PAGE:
When Lee Harper was asked if the reason why she never wrote a novel after To Kill a Mockingbird was because she didn’t want to compete with herself, the author replied, “Not just no, but hell no.” (“To Steal a Mockingbird,” by Mark Seal, Vanity Fair, August, 2013, pg.112) She stopped writing, she said, because she didn’t like the business of publishing, plain and simple. Particularly, she didn’t like reporters and despaired at how fame had destroyed her good friend, Truman Capote. (Ibid pg. 112)
Her distrust of the business was well placed, because Lee Harper, whose book appears in 40 languages and still sells over 750,000 a year, at 87, frail and suffering from macular degeneration, has become embroiled in a legal fight for control over her creation, having innocently signed over her copyright to her agent. John Steinbeck suffered the same fate from the same agency.
Be careful what you ask for because you just might get it, someone wisely said. Harper was smart enough to know the truth of the saying. The spotlight of success casts shadows that can alter relationships. She kept a low profile and worked hard to be honest to herself and others, hoping to avoid fame’s pitfalls. Her efforts failed because she has suffered the unkindest cut of all: betrayal by someone close.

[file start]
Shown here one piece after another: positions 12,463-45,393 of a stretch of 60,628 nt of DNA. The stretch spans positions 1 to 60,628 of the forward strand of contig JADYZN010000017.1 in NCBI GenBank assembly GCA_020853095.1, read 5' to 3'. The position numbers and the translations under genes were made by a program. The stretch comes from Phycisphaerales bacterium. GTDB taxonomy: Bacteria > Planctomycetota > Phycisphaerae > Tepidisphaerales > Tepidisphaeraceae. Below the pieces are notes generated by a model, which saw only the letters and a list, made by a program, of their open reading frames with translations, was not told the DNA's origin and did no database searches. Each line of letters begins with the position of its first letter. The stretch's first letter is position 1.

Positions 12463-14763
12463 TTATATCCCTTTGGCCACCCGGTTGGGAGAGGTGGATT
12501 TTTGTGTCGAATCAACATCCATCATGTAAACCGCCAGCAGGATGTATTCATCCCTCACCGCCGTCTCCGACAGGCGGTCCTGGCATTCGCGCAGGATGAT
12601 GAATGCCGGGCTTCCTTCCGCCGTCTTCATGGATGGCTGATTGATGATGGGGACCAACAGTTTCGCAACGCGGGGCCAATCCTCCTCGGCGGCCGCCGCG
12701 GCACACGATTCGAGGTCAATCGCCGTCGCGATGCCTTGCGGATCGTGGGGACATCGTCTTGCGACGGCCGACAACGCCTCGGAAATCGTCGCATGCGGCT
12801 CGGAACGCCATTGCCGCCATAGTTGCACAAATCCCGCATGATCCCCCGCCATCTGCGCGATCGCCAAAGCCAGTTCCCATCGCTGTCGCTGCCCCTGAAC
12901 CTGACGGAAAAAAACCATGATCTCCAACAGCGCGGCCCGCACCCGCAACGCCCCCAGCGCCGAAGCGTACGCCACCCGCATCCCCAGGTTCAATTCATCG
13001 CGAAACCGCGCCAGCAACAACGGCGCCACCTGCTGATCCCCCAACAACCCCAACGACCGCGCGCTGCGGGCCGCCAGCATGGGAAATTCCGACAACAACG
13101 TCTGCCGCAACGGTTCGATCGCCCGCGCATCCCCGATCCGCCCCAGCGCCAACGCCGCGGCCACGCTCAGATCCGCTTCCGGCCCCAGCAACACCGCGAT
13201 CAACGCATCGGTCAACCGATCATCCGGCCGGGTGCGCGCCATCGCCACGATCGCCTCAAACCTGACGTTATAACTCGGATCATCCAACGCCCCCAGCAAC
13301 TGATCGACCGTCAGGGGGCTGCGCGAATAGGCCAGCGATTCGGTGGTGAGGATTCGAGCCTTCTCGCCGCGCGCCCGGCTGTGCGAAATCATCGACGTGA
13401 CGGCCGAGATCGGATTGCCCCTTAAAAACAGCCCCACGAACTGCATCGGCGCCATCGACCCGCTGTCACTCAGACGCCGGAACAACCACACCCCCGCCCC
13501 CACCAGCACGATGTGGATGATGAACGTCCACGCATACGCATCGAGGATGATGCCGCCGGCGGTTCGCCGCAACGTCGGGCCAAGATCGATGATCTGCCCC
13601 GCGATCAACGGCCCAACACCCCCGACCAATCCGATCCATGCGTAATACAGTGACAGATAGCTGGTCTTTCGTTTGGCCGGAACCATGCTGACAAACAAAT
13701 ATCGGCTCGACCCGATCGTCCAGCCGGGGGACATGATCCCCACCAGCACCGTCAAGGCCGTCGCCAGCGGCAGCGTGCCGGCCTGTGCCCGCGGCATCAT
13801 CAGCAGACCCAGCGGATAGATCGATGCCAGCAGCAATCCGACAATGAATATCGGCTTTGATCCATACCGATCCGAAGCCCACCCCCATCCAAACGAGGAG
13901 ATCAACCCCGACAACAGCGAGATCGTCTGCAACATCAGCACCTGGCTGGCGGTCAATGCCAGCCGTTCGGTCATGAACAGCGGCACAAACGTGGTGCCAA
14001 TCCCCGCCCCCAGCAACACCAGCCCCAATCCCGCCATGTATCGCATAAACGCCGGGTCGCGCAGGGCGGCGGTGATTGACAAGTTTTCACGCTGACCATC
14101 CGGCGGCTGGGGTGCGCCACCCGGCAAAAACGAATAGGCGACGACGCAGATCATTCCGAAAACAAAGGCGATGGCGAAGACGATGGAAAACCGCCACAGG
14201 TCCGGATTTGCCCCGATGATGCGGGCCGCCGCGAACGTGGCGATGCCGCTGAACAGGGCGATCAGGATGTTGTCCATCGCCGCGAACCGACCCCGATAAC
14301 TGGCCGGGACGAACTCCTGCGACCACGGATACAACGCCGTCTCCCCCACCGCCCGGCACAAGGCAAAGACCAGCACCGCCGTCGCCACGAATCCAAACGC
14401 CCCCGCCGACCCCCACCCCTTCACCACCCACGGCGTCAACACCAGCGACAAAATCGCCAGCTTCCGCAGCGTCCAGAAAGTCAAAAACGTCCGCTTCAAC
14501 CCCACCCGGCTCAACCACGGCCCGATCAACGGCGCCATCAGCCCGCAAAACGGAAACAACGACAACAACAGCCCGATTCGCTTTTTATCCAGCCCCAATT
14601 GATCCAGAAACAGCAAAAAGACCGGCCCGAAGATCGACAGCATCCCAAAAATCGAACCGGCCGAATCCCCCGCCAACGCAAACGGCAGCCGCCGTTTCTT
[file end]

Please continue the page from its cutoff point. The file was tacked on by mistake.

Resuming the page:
Lee Harper wrote a book that encouraged us to rethink our values and to strive to understand one another. Now she’s suffering for it.
(Image from “To Kill a Mockingbird,” courtesy of luckycharms.net)